2. Hire a professional to design you book cover. Really? In an ideal world, yes because your cover in all of its 7/8" x 1" glory in Kindle-land needs to make a punch, a promise, and a come-hither message.I hired a photographer and a graphic designer, but I'm the art director. Probably a bad idea. I'm hoping not.
Alvear does give guidelines for hiring these professionals, depending on your budget from low to high.
"If you have already passed that hurdle of having a customer be attracted to the cover, and then they pick up the books," said Patricia Bostelman, vice president for marketing at Barnes & Noble, "an enormous battle has been won."
3. Once you have a visual hook for your potential reader, you want to set up your book to gain top search engine results every time someone looks for a book in your category. I sure hope I understand this better by the time I'm launching my book. Alvear isn't stingy on pointing authors to places where keyword phrases can be embedded, so the chances of your book popping up in the first page of results increase. Keyword phrases, who knew?
"You are destined to fail if you don't use keyword phrases that lead to your book."
So, I guess I better learn.
4. Beyond keyword phrases, Amazon lets you choose two categories for your book. "Think of [categories] as the section of the bookstore you'd like your book placed (literature, fiction, history, etc.)." From working in both a bookstore and a library, I know how important these categories are. Most reader beeline to their favorite genre and do very little browsing. There are browsers--God bless 'em!--who wander the whole store. That makes your cover and title even more important.
Alvear's book gives me hope. There are things I can do to get my book before the reader. For instance, he explains how to put a billboard for your book on a competitors pages. And he talks about the power of great reviews, even how many you need to make your book page a powerful selling tool.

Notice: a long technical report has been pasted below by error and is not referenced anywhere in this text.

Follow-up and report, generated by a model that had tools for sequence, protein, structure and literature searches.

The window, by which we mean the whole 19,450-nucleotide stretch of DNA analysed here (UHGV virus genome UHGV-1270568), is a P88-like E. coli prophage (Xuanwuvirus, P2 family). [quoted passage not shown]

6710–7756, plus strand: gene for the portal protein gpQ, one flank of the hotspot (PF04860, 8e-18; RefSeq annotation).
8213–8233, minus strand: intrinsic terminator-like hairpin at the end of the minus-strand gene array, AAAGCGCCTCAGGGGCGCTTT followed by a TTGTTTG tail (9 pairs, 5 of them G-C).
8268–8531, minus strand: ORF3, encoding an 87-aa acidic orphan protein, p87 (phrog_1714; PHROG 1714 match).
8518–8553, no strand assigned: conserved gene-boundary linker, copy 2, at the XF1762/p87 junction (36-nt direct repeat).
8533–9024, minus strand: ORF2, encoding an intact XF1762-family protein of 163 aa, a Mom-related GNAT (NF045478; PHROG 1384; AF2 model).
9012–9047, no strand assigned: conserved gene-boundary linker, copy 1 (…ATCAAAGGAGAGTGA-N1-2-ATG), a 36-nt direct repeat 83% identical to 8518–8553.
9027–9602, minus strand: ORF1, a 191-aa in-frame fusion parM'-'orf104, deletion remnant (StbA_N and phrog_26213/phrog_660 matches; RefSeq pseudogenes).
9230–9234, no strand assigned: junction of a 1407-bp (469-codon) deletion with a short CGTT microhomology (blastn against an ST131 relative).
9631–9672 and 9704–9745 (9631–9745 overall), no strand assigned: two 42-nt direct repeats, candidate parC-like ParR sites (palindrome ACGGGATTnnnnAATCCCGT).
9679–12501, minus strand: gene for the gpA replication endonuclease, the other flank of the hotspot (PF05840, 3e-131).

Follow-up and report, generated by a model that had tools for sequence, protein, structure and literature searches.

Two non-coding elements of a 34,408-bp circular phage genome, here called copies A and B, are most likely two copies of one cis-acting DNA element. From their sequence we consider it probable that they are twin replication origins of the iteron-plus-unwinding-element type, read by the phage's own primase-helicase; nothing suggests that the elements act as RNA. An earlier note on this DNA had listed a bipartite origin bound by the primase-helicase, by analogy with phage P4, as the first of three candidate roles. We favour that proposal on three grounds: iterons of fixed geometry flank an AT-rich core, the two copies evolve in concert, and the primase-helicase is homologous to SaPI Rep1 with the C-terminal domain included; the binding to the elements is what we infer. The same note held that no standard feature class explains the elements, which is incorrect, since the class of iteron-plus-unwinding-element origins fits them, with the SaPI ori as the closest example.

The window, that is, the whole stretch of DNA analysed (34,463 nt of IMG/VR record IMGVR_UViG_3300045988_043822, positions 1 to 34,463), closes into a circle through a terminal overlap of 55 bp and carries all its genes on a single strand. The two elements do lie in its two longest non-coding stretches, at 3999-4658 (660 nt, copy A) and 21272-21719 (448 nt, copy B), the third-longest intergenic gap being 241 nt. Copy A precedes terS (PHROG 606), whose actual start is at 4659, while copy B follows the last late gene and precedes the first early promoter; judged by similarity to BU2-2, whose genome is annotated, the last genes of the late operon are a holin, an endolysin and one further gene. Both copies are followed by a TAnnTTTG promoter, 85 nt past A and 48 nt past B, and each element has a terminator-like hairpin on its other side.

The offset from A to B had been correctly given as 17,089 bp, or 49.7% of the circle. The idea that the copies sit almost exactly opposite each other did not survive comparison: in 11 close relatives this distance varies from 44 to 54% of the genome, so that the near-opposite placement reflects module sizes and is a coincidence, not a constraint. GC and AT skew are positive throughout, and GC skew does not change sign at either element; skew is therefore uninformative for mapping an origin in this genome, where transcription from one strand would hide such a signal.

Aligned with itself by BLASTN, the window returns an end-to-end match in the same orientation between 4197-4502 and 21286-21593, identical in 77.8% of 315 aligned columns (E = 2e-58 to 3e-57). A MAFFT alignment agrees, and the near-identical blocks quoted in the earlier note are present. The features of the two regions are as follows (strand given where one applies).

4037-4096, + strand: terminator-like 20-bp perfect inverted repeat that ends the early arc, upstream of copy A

One chapter deals with how to write ocean-front book descriptions, another highlights the importance of formatting and using the "Look Inside" feature.
And then he tells about a feature in Kindle I'd never seen before that will definitely effect the way I format my book. It's the "Before You Go" feature. If your reader's Kindle or other reading device is set up to Facebook and Twitter, you can ask your reader to kindly rate the book and share with their friends right there and then.
Aha, there is a place for social media!
Alvear does recognize the value of social media once the book is successfully launched and selling. Your readers will be curious about you and will want to find you online. Then a blog makes tons of sense.
I plan on using Alvear's ideas to optimize the chances that Goodness & Mercy will have its best chance of finding an audience.
Michael Alvear doesn't write the kind of books (other than this one) most of us read, but he seems to have a good handle on what it takes to sell on Amazon. I appreciate that about him very much.
Next time, I'll be talking about yet another marketing philosophy. And then I'm formulating a plan for full speed ahead marketing. My brain is getting full.
Have you worked with a graphic professional? What's your take on Alvear's approach, knowing that I was only able to present the briefest details? I'm looking at this information as power, not an insurance police, success isn't following a formula, but it is knowing how the game is played. Can you recommend what I should read about marketing next?